Cobie Smulders may be best known for her role as the Scotch-drinking Canadian journalist Robin Scherbatsky on the hit sitcom How I Met Your Mother, but in reality Smulders is more likely to make a mood board than a stiff drink. The mother of two daughters (spoiler alert: Smulders’s character on HIMYM is not quite what you’d call maternal) is focusing on the future of her family’s new home, including renovating the structure into a “modern ranch” and making the house as environmentally friendly as possible.
With a similar focus on the future of our youth and the family unit (Smulders’s says a main reason for the selection of her Californian home was the community it is in), she’s joined Frito-Lay’s Dreamvention program, which partners with four STEM-focused museums across the country to offer families free admission during December and January. To make the experience more hands-on, one family unit will win $250,000 for their submission of an invention that makes day-to-day life easier. “Being a mother of two kiddos, the idea of creating a competition about inventing, creating, was really appealing to me,” Smulders says. “I think in this day and age, it’s important to get kids away from their screens and be using their hands and doing tangible projects.” Here, Smulders, who will appear in one of spring’s most anticipated films, Avengers: Infinity War, tells us more about her current tangible project: her family’s new California home.
Architectural Digest: Can you paint us a picture of what your own home and interior design style is like?
Cobie Smulders: It’s funny that you bring it up because I am actually renovating a house right now so I am in this frame of mind and I am reading Architectural Digest a lot to get inspired and to get ideas. My little home—I have a little home in Venice that I am living in right now, which is sort of like a ranch-style, house-like bungalow, and it’s a beautiful, cute, little house, simplistic but tiny, tiny. And we just moved back from New York and we have another child now. So my poor daughters are sharing a room that is not even really fit for one human.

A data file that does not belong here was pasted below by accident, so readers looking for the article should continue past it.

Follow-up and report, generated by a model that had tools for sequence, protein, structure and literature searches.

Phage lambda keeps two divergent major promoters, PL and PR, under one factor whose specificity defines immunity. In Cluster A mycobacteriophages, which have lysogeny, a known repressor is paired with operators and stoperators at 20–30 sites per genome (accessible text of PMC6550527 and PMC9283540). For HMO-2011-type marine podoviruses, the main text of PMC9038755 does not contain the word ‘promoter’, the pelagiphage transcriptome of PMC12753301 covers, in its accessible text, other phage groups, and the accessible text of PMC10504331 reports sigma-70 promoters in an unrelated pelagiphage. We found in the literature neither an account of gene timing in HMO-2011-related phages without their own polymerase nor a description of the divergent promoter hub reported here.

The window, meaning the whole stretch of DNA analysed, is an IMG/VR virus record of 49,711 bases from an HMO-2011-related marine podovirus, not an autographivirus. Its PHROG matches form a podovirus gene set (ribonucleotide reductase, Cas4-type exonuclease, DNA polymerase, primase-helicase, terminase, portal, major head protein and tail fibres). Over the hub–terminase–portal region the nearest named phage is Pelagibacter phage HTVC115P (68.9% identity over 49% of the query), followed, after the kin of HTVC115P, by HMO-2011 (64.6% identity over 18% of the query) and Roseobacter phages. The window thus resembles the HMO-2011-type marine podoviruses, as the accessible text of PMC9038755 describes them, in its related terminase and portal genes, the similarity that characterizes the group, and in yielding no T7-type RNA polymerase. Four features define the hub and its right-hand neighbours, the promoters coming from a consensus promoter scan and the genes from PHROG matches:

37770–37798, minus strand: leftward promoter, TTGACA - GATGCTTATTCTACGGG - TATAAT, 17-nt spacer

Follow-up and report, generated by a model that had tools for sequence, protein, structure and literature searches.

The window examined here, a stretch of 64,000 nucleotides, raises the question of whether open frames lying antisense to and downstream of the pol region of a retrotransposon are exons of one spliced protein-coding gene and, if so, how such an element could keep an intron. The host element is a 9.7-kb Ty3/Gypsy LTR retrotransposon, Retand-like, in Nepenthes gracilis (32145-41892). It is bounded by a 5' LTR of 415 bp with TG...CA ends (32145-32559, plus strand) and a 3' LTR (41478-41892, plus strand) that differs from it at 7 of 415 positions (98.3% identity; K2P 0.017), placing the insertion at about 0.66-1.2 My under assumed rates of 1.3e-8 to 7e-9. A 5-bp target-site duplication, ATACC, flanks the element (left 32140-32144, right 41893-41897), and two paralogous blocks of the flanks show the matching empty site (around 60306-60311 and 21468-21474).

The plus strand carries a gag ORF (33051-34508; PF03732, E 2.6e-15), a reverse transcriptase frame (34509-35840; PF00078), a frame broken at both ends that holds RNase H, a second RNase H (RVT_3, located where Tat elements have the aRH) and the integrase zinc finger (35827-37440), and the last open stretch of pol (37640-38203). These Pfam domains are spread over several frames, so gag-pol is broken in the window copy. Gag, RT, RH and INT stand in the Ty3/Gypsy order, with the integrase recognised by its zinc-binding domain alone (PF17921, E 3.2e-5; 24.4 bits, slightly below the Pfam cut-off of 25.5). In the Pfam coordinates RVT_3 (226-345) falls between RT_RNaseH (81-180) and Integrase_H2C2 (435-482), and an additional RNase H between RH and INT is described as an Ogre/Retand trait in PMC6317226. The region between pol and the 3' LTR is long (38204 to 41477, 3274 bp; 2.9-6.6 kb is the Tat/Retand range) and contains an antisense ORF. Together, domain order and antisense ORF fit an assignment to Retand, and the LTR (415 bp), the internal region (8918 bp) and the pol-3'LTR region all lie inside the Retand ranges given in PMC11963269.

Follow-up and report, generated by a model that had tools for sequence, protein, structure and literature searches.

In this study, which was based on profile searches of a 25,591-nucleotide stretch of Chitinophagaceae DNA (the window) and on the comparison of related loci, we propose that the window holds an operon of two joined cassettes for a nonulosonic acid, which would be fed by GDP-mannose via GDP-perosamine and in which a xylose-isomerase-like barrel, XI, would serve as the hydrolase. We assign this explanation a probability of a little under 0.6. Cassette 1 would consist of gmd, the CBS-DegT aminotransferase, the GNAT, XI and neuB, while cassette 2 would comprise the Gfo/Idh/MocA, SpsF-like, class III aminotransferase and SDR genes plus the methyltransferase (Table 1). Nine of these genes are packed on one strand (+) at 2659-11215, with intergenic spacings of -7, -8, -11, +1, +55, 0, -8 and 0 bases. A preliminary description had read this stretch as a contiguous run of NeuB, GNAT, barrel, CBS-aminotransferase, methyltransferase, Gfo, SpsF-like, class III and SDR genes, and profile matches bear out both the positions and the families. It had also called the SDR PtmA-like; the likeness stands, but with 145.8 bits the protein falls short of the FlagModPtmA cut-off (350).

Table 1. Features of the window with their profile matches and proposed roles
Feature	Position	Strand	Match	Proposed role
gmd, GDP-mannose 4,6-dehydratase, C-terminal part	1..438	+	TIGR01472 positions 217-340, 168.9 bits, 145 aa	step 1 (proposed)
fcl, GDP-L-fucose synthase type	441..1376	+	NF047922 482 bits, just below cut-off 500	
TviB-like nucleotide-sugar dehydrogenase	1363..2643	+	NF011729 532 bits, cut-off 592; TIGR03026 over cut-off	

So we purchased a larger house and it’s sort of like a traditional house. It has dormers, and the roof is old wood shingles from the 1920s. The interior needs a serious update so we gutted the entire thing and we are about four months into our renovation right now and it’s pretty insane! So we hired an amazing architect and an amazing contractor who has really helped us along the way, but sort of our style aesthetic is a modern ranch. We love being as environmental as humanly possible: using reclaimed wood; doing solar panels; trying to be as energy efficient as possible in terms of heating, in terms of insulation; and just a lot of bright, open space since we live in California, so you want to try to maximize the light as much as possible.
AD: Do your kids have a say at all in designing their rooms or choosing the house or anything like that?
CS: Yeah, absolutely! I mean, within reason, right? They can’t do, like, the slide down into the pool, which was a request. But they are definitely in terms of the wallpaper, in terms of painting, in terms of how they want their desks to be and what kind of bed they want, absolutely. But, you know, it’s a pre-existing home, so there is only so much we can do structurally; it’s more about the aesthetics that we are asking for their opinion on.
AD: What was it about the house that attracted you so much when you saw it?
CS: It was the location. It’s in a great neighborhood. It’s got a view, but it’s also on kind of a quieter street. I am excited to sort of be part of a community, you know. I have been sort of in limbo: I was in New York for three years, and we were in our little house that was in a very busy neighborhood. There is not a lot of neighbor interaction and so I am excited to be a part of a community and go trick-or-treating on this street and Christmas decorations.
AD: Lastly, which one of your characters’ design style is most like yours? How do you incorporate this character’s design style into your own life, if at all?
CS: You don’t get as much input with the set, but I do find that every time I step onto a set, it’s like, oh, this is my bedroom; oh, okay, this is what my character would like and sometimes you get a heads-up, you can be a part of that or ask to have certain things. I like sort of choosing objects like on the mantle or beside the bed, where you can see them more frequently. I like to have a part in making those decisions.